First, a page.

09-22-2010, 02:06 PM
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All algae (except diatoms) occurs due to the presence of light. It is a plant so it need nutrients, but unlike higher plants it can survive on very little, so long as it has light.
I am raising about 20 Farlowella fry at present, and the most difficult issue in this species is feeding the fry initially once they absorb the yolk sack and are free swimming. They must have soft algae, period. My solution was to put them in my 10g that sits in the window, a west-facing window which thus gets lots of light including direct sun. I can assure you, algae took off and is rampant in this tank. The Farlowella are now 3 weeks old (the first hatching) and are doing very well on the green algae that abounds in this tank, solely due to the light.
The danger is that other types of algae may also occur, as Angel079 correctly pointed out. And these fish (otos, Farlowella, etc) will not eat brush algae, hair algae, spot algae. Why these types appear in some tanks and not others is as far as I know not completely understood, but I suspect it has to do with the biological system in each tank. Rhonda Wilson, a plant authority, has written of this several times; she notices various algae in different tanks, when she has the same light, same water, same ferts.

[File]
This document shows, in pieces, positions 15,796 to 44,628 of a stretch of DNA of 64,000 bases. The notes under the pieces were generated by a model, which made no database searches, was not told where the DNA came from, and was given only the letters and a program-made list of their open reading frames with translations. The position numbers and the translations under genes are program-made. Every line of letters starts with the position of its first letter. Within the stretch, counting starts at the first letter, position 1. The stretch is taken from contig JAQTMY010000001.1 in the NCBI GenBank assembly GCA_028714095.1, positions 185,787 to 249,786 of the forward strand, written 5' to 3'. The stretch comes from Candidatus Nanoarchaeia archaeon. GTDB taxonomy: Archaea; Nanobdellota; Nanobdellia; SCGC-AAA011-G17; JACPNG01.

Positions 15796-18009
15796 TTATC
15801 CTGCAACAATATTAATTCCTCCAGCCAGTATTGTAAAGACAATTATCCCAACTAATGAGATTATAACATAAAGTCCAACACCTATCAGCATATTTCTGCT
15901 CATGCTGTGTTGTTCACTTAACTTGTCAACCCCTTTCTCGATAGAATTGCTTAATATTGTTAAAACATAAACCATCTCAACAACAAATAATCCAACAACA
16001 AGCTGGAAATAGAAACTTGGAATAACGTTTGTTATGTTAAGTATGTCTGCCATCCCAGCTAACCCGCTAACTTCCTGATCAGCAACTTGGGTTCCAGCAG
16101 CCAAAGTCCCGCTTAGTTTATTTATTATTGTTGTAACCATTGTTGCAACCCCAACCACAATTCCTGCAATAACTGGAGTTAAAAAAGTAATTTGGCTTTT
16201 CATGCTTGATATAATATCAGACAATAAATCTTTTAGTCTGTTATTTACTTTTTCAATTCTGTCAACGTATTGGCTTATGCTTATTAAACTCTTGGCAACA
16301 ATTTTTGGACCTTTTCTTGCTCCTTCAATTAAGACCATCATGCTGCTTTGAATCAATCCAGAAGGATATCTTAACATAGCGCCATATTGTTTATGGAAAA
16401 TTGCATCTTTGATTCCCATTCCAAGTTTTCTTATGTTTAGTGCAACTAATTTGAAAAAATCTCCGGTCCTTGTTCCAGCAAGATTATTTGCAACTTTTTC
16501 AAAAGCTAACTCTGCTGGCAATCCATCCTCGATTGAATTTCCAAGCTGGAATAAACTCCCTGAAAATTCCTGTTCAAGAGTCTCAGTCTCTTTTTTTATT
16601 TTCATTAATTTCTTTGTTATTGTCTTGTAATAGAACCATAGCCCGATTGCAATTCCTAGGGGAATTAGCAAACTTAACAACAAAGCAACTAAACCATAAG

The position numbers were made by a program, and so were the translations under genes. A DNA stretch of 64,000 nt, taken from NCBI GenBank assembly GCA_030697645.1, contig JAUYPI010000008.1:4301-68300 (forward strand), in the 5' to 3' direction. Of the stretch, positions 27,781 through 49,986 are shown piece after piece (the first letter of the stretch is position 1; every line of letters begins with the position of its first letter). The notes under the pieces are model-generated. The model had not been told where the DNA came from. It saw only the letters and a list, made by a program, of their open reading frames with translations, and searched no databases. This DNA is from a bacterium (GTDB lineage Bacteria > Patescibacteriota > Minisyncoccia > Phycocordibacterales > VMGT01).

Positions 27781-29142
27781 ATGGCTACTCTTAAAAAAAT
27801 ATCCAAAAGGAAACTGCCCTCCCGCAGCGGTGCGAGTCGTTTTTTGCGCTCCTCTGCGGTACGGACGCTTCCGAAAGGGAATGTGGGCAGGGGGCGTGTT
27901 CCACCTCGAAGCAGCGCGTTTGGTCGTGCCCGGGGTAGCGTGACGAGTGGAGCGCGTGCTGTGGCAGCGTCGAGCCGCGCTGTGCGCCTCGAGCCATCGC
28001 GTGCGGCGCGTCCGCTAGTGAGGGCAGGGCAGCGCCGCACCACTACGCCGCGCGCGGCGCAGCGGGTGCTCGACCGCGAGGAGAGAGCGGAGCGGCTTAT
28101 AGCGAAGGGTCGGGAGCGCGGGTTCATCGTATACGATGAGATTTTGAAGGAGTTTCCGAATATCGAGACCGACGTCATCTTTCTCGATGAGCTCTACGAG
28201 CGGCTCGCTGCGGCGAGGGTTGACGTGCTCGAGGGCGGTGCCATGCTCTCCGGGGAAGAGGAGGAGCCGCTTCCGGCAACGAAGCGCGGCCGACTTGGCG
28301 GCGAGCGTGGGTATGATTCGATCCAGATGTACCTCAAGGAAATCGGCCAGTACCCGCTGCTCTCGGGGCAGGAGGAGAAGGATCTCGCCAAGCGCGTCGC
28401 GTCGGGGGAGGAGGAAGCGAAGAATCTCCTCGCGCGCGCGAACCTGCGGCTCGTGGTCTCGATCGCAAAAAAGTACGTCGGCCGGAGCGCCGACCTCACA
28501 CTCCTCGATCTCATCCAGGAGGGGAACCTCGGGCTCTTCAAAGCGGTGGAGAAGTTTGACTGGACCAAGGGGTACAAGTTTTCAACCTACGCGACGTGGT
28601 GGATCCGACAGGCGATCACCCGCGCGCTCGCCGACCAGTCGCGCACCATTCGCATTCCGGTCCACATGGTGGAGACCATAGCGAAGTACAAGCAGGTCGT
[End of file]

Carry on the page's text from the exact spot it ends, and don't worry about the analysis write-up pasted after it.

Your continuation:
Last comment on otos. IF they are introduced to a tank that has green algae (or diatoms), they will (should) settled in nicely. Once the algae is gone, they will find other sources of food naturally. Mine have always done this. And my adult Farlowella and Whiptail cats have done exactly the same. All these fish eat algae naturally, and if it is present in the tank at first they will settle in. Then they learn to feed from wafers, tablets, pellets that I always feed in the morning for the bottom catfish and loaches. My otos and whiptails in the 115g and Farlowella in the 90g learned quite quickly about sinking foods, and now they all are front and centre in the morning waiting for the sinking foods, even though the rest of the day they are browsing plant leaves and every surface for algae. The sinking foods are keeping them alive, there is insufficient green algae. They learn. It is the initial acclimation period that is critical in such species.